LONDON: Footballers with English Premier League club Manchester City are the most highly-paid athletes in global sport, according to a study published yesterday.
The study, carried out by Britain’s Sporting Intelligence website, found that the average annual salary of a first-team player at City was £5.3m($8.9 m, 6.4m euros).
City top the list ahead of Major League Baseball teams the New York Yankees and the LA Dodgers, with Real Madrid, Barcelona, Bayern Munich, Manchester United and Chelsea also featuring in the top 10.
NBA teams the Brooklyn Nets and the Chicago Bulls complete the line-up.
City’s lavish spending on players has not been without complications, however.
Reports in the British media suggest that City are due to face punishment for contravening European governing body UEFA’s Financial Fair Play rules, which oblige clubs not to spend beyond their means.
UEFA yesterday investigated the accounts of top European clubs to see if they complied with financial fair play rules, but declined to comment on reports that Manchester City and Paris Saint-Germain both faced punishment.
A UEFA spokesman told AFP that “several clubs” had been spotlighted during a session of the European governing organisation’s Club Financial Control Body.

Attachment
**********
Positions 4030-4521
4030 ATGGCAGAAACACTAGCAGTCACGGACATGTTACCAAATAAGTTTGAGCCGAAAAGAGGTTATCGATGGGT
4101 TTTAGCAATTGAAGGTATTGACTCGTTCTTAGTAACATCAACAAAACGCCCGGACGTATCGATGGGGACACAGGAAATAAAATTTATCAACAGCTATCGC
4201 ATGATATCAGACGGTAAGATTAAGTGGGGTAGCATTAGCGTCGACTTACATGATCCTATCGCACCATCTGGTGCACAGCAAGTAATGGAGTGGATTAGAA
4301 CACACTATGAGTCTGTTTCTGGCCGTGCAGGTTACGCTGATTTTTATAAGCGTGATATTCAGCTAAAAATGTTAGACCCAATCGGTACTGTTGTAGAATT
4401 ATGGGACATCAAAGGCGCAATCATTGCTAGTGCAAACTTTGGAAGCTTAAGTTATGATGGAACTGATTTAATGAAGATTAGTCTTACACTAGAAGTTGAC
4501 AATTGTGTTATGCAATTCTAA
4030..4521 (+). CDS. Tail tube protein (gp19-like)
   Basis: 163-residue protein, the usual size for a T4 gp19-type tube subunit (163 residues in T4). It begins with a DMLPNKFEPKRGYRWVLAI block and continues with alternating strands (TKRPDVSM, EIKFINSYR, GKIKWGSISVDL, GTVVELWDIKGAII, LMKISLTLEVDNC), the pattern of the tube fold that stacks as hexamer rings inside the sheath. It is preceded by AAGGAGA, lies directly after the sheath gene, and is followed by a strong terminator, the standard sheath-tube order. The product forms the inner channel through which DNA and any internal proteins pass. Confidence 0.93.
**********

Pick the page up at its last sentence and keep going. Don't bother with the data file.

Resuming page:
The control body was created to insure UEFA regulations barring clubs spending beyond their means were respected, in a bid to prevent them gaining an unfair advantage over their competitors.
On Tuesday, British media reported that both Manchester City and Paris Saint-Germain risked hefty fines for failing to comply with the rules.
But UEFA declined to comment, saying it “does not provide any details about clubs’ ongoing investigations as part of the monitoring process nor will it comment on correspondence between the Club Financial Control Body and clubs”.
“UEFA will only communicate once decisions have been taken by the CFCB Investigatory Chamber, which we anticipate will happen at the beginning of May,” it said.
A central tenet of financial fair play is that clubs are forbidden from making losses of more than 45m euros ($62.1m) during the 2011-12 and 2012-13 seasons, with exceptions for certain forms of expenditure.
Each bankrolled by mega-rich owners from the Middle East, City and PSG both spent heavily on new players during that period.
City’s outlay helped them to win the Premier League title in 2012, while PSG claimed the Ligue 1 crown the following season.
Clubs found guilty of contravening FFP regulations could face punishments including exclusion from the Champions League or being stripped of titles.
But British newspaper The Daily Telegraph, which did not cite any sources, said that City and PSG were more likely to be hit with a financial penalty.
The paper said that “fewer than 20” clubs were at risk of sanctions.Agencies